Golden eagle death blamed on lead ammunition

MAMMOTH HOT SPRINGS, Mt. (KIFI/KIDK) - After a lab necropsy, Yellowstone National Park officials report a golden eagle, found dead on December 6 was killed by lead poisoning.

The eagle was found near Phantom Lake in the northern section of the park.  The necropsy found extremely high levels of toxicity, well over lethal levels.

The female eagle was the first golden eagle Yellowstone had tagged with a radio transmitter.  It was part of a study to understand the productivity, movements, survival, and cause of death of the raptor.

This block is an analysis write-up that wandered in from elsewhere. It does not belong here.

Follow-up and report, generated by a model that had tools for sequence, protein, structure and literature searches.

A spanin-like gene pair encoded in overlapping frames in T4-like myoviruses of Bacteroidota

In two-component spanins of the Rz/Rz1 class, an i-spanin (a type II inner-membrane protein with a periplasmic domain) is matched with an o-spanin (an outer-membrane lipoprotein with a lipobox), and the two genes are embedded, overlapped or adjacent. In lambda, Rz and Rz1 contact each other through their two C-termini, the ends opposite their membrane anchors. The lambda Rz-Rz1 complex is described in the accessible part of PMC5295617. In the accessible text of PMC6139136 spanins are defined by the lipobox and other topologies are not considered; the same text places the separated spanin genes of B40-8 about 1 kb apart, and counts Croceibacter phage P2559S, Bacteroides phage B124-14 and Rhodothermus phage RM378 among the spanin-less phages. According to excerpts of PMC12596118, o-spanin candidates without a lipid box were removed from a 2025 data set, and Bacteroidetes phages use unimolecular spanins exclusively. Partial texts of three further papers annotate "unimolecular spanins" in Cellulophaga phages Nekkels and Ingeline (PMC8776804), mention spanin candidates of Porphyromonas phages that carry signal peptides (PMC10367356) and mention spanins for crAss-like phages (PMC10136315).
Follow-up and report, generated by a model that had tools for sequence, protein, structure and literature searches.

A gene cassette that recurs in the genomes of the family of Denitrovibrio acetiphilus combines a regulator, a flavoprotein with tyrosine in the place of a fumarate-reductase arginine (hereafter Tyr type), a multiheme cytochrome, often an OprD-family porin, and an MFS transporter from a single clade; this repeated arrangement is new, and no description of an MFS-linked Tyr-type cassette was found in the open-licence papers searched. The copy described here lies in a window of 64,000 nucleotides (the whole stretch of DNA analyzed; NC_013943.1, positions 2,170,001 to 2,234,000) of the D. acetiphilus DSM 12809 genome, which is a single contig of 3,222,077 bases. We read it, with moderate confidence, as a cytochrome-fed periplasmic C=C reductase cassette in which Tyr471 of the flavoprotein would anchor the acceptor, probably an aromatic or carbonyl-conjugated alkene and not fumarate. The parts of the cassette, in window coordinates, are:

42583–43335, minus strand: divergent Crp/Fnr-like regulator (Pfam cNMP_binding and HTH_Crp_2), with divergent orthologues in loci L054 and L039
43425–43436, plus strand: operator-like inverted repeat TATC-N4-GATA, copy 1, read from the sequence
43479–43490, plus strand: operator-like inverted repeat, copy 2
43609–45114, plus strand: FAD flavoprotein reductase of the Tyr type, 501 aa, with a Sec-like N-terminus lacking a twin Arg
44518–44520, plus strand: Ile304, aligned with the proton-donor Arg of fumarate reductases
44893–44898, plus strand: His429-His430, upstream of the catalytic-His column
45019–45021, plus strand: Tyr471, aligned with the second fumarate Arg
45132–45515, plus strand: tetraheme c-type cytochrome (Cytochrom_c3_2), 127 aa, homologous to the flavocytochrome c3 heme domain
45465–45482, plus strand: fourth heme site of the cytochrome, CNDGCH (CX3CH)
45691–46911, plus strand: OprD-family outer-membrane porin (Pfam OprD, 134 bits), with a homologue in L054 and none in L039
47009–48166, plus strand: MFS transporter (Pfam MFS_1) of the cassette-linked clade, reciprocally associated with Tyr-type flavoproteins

Data collected from the transmitter revealed the eagle was active in a hunting area north of the park before it died. Hunter-provided carrion is an important food resource for eagles and other scavengers. Park officials said the eagle likely ate carrion that contained lead fragments. 

Lead is an environmental toxin that is well known for its capability to impact wildlife.  

The US Fish and Wildlife Service and National Park Service have promoted a voluntary program aimed at encouraging hunters to voluntarily use non-lead ammunition.  

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